The 6502 is the model number of a computer chip that made its way into many of the original microcomputers. It is fondly remembered by many people as a capable (for its time) and quirky processor.


MOS Technology hired a group of ex-Motorola engineers in August 1974. Their plan was to create a better 6800. By the fall of 1976 they had two models ready: the 6501 was pin-compatible with the 6800, and the 6502 was similar but had an on-chip clock. Both used a new instuction set that was similar, but incompatible with the 6800. Even so, Motorola sued, and MOS withdrew the 6501 in a settlement.

The 6502 was immediately successful. The Atari 2600 featured a 6507, a specialized 6502. But the 6502's big breakthrough occured when a hacker named Steve Wozniak picked up some cheap $25 samples and built his Apple I computer around it. At the time, Motorola and Intel charged hundreds of dollars for it's comparable chips in small quantities. MOS practically gave away their chips, making it far more accessible for the growing microcomputer hobbyist community.

Commodore, another microcomputer maker, chose the 6502 for its machines. The famous Commodore PET, VIC-20, and Commodore 64 computers all ran on 6502 family chips. In 1976, Commodore bought MOS, but eventually hit hard times and shut down its semiconductor division. Rockwell International, a 6502 design lisencee, became the only producer of the chips.

Other popular designs that featured 6502 or 6502 family chips include the entire Apple II series of computers, the Atari 8-bit computer family including the Atari 400/800, the original Nintendo NES and the BBC Micro.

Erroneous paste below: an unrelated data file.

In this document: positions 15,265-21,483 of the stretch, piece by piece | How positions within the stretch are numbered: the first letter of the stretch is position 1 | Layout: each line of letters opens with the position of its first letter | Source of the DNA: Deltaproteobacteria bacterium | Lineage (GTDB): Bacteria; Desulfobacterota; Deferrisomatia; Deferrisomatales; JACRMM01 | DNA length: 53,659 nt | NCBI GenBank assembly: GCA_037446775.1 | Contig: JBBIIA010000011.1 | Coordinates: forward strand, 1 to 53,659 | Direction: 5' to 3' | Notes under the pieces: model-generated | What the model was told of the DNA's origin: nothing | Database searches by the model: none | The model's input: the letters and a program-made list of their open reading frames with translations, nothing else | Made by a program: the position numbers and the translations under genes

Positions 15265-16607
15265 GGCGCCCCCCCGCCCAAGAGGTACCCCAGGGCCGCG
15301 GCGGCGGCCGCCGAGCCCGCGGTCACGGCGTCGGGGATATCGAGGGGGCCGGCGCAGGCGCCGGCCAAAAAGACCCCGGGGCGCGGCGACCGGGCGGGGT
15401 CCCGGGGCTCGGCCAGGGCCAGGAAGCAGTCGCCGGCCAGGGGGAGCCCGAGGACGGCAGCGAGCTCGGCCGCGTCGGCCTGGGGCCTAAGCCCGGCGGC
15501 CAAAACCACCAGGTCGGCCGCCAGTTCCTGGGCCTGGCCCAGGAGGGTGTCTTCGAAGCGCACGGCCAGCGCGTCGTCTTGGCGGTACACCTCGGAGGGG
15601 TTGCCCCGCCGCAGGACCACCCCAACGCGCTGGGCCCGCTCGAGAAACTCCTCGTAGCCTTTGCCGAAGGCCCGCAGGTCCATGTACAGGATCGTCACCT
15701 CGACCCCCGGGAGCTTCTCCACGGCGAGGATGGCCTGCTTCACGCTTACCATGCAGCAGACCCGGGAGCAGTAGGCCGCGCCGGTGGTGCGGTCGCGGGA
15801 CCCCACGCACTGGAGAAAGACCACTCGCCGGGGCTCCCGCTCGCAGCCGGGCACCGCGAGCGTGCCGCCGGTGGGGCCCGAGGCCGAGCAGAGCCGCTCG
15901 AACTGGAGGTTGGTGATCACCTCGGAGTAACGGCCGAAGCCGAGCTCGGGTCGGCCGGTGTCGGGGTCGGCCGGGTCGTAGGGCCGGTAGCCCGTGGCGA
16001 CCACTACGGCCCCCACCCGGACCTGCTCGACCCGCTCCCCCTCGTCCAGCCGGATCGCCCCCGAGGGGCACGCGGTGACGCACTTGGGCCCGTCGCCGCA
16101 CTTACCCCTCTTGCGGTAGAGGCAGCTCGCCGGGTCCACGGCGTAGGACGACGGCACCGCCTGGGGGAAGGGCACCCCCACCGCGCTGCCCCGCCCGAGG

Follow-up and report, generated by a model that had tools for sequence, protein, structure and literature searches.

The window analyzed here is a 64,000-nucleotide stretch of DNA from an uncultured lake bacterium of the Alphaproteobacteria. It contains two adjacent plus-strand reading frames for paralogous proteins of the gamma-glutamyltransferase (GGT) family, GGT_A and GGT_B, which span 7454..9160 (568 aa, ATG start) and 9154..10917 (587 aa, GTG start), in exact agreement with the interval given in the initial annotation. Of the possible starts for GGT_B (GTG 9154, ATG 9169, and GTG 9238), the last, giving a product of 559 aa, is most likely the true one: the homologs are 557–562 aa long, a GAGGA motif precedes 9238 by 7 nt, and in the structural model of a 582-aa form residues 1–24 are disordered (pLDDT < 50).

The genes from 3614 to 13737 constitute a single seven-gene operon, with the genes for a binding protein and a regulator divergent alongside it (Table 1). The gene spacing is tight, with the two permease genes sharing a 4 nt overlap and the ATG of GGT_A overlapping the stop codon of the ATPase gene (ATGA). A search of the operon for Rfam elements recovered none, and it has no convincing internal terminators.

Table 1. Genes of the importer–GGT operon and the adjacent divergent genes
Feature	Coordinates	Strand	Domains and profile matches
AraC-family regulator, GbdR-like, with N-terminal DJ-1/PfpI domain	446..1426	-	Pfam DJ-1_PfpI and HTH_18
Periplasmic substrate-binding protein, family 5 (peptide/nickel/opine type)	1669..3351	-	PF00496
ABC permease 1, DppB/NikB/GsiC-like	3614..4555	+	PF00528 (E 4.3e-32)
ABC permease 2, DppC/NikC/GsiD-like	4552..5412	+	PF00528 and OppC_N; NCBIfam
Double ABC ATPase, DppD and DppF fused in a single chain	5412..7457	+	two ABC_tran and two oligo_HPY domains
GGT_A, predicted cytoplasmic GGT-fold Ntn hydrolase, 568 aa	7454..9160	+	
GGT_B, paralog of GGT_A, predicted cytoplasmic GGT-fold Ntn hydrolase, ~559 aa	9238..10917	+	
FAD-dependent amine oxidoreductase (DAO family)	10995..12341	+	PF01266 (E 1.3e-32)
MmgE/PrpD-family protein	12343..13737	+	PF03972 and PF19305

Later, one of the ex-Motorola and ex-MOS engineers, Bill Mensch, resurrected the 6502. He founded Western Design Center and redesigned the 6502 using a low-powered CMOS design. The result was 65c02. The new processor also had a few new instructions specially designed to address some shortcomings of the original design. The 65c02 was used in the Apple IIc and a later redesign, the 65C816, was in the Apple IIgs and the Super Nintendo. Commodore, however, sued WDC for theft of trade secrets, but settled for the right to make the chip at half the usual licence fee.

The Technical Details

The 6502 is an 8-bit microprocessor with a 16-bit address bus. In other words, its registers are 8-bits wide, but it has 16-bit addresses. It has a 16-bit program counter and five 8-bit registers: an accumulator (A), two index registers (X and Y), a status register and a stack pointer. The stack is hardwired to the second page of 256 bytes.

The 6502 is the epitome of CISC design: it has many, complex addressing modes: zero-page, absolute, accumulator, (indirect,x), (indirect),y, immediate, and various additional combinations. The original 6502 also has a number of unassigned instructions opcodes which try to do two operations at once, sometimes even producing useful results. This was the source of many incompatibilities between the the original and the later revisions like the 65c02, which added new instructions that replaced these "undocumented" opcodes.

The 6502 instruction set is relatively simple: four logical instructions, AND, BIT, ORA, EOR; four shifts and rotates, ASL, LSR, ROL, ROR; two arithmetic instructions, ADC, SBC; six increment and decrement instructions, DEC, DEX, DEY, INC, INX, INY; three comparisions, CMP, CPX, CPY; six register transfers, TAX, TAY, TSX, TXA, TXS, TYA; six loads and stores, LDA, LDX, LDY, STA, STX, STY; four stack operations, PHA, PHP, PLA, PLP; eleven branches, jumps and returns, BCC, BCS, BEQ, BMI, BNE, BPL, BVC, BVS, JMP, JSR, RTS; seven flag sets and clears, CLC, CLD, CLI, CLV, SEC, SED, SEI; two for interrupts, BRK, RTI; and the ubiquitous no operation NOP.

The 6502's Long Path to The Western Design Center, Michael Slater